said Peter.
“You have been running about
as if you were trying to find some
thing, and so I thought you must ;
have lost something," replied Jimmy
who didn’t think anything of the |
kind, but said it just to find out
what Peter would say.
For a few minutes Peter said
nothing. He fairly ached to ask
Jimmy if he knew where Rattles
was, but he was a little ashamed
to. He knew that the chances were i
that Jimmy would tell him that it
was none of his business. But at '
last he decided to risk it.
“I’ve heard,” said he, “that Rat
ties the Kingfisher makes his home
in a hole in the ground, and it seems
such a funny thing for a bird to
do that I have been visiting all the
old holes I know of Just to see if
It is true, but I haven’t found it yet.
You don’t happen to know where
bis home is, do you, Jimmy?"
"No," replied Jimmy, “and I don’t
want to know. But if I did I
wouldn't spend uiy time on the
Green Meadows or in the Green For
est. I’d look around those places
where Rattles is most often seen.
Did you ever see him very far from
water?”
“No,” confessed Peter; “I hadn’t
thought of that.”
“Well, think about It now.” re
plied Jimmy Skunk, and went on
about his business.
(©. 1932. by T. W. Burgess.) —WNU Service.
iGiPuacp *
“The lad who steals a kiss,” says
romantic Romaine, “shouldn’t be
judged too harshly. It is best to
give him another chance.”
(©. 1932, Bell Syndicate.) —WNU Servto
Dog Days
THE COOLIDGE EXAMINER
IloiherjCogK Book
FOR THE INVALID
A DAINTY dish to serve an inva
* * lid is always appreciated, both
by the invalid and the nurse, as one \
gets very tired trying to think of ap- ;
pealing food and taking care of the j
ill at the same time.
Apple Delight.
Peel and core an apple and cut it
into lengths, stew until tender in a ,
cupful of water to which has been
added a pinch of salt and sugar to
taste. Soften one teaspoonful of
gelatin in four teaspoonfuls of cold
water, add four teaspoonfuls of hot
water and stir until the gelatin is
dissolved. Add one teaspoonful of
grapefruit Juice, two tablespoon- j
spoonfuls of the sirup In which the
apples were cooked. Place the ap
ple in a cup and pour the pre
pared gelatin over it. Serve well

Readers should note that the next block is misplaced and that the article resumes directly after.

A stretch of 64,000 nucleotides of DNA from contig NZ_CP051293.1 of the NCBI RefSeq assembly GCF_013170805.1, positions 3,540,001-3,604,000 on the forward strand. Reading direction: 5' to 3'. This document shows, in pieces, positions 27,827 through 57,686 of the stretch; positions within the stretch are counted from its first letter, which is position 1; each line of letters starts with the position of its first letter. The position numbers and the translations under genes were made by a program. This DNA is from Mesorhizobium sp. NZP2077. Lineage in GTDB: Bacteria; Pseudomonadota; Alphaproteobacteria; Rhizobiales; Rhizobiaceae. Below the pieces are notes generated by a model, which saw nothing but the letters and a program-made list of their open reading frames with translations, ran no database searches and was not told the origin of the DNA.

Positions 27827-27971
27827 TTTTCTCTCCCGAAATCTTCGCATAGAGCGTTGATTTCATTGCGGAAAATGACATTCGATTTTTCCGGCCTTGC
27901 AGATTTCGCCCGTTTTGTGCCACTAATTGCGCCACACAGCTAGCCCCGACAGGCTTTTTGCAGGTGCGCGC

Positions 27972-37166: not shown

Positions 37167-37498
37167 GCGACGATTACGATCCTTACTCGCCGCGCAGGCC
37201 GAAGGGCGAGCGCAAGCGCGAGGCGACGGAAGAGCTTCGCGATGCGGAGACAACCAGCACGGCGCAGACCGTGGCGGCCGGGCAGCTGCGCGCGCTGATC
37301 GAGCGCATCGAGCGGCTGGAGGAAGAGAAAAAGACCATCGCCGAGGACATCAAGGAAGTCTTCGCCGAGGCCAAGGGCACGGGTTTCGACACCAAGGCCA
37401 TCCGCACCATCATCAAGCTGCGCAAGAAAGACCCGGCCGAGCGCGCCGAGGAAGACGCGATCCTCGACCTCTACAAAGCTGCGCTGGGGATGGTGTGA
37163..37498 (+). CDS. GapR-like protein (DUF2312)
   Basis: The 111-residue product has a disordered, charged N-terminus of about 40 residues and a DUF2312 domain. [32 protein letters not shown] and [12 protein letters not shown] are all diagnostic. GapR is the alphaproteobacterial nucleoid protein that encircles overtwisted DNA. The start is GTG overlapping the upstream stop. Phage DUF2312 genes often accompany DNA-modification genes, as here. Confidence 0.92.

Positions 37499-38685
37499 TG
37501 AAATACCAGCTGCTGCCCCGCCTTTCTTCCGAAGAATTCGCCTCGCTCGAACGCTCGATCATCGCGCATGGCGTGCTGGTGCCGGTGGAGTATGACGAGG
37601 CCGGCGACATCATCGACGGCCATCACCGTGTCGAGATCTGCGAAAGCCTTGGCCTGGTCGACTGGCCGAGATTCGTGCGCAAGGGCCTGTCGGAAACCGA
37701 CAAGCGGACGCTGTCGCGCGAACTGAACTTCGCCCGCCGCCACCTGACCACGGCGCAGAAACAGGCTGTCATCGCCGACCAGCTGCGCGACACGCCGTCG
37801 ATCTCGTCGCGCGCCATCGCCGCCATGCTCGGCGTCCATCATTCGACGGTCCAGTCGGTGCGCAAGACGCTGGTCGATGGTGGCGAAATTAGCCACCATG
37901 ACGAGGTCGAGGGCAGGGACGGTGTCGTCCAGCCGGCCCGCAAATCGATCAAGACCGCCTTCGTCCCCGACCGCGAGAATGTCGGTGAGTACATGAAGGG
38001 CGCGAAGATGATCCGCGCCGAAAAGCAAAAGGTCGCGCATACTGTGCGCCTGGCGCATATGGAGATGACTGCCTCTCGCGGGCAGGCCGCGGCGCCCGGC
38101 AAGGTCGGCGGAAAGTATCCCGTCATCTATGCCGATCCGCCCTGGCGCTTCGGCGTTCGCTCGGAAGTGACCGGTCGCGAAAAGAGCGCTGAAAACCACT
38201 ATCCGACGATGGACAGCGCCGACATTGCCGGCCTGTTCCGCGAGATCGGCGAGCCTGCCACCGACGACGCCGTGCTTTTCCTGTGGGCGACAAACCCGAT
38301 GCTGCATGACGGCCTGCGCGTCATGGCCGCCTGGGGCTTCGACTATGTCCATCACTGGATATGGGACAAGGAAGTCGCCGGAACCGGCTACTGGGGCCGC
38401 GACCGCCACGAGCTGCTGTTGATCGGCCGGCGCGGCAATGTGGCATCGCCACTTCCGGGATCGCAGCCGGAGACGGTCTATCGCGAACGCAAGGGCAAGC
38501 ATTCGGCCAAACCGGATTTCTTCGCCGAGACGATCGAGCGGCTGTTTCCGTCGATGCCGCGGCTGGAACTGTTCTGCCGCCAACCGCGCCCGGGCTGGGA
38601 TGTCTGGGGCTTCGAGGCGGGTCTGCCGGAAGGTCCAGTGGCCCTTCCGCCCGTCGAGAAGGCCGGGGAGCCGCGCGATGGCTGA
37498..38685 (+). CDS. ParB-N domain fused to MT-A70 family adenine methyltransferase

chilled with whipped cream.
Standing Custard.
Soften one tablespoonful of gel
atin in two tablespoonfuls of cold
milk. Scald one cupful of tnilk in
a double boiler, add one beaten egg J
and cook until thick. Pour this cus
tard over the softened gelatin and
add sugar and flavor to taste. Pour
into a small mold and chilL Serve
plain or with a fruit Juice.
©. 1932. Western Newspaper Union.
Women Prefer Perfumed Hosiery
PERFUME now governs milady's choice of hosiery. Following tests
recently made by the Commerce department in Washington, a Pitts
burgh department store experimented with the Influence of various per
fumes on feminine taste in hosiery. It was discovered that women
unconsciously select a perfumed stocking In preference to an unperfumed
one. Most of them prefer a narcissus aroma. So perfumed hosiery will
soon be offered everywhere. The photograph shows a sales girl conduct
ing the tests with Victoria Burdell and Jean Lewis.
IIPA IP A KIMOWS—|
fares]
“Pop, what Is a cow?”
"Origin of the Chicago fire.”
©. 1932. Bell Syndicate.—WNU Service.
Meue
The mesa is a tableland or plateau
with an abrupt or steeply sloping
side or sides, often bordering a val- i
ley. Mesas are common in the
southwestern part of the United
States.
THE CALL OF
KIND
By DOUGLAS MALLOCH
I SAILED across the Inland sea; j
The smudge that is Chicago
rose
And beckoned merrily to me—
A city sees, a city knows
I had left hills of green behind
The hot gray pavement to find.
“Your streets,” I said, “are like a
flame.”
“And yet,” Chicago said, "you
came.”
Y'es, cities are as maidens are:
They know their charm, they
know their lure;
And men moy sail however far.
And breathe an air however pure.
And men may talk of huddled roofs.
And give you facts and give you
proofs
That city walls are prison walls
Thut cage free men—yet some
thing calls.
This calls: not roofs nor walls nor
streets;
It Is the calling of our kind;
For here the heart of Demos beats,
And here humanity you find.
; The city calls to men who roam,
Whatever city is their home,
For “home” Is not the only
word—
It is the calling of the herd.
(©. 1932. Douglas Slalloch.) WNI) Service
[Bonersi
Bassanio sang a beautiful song
called, ‘“Tell me, where is fancy
bread.”
BONERS are actual humor
ous tidbits found in examina
tion papers, essays, etc., by
teachers.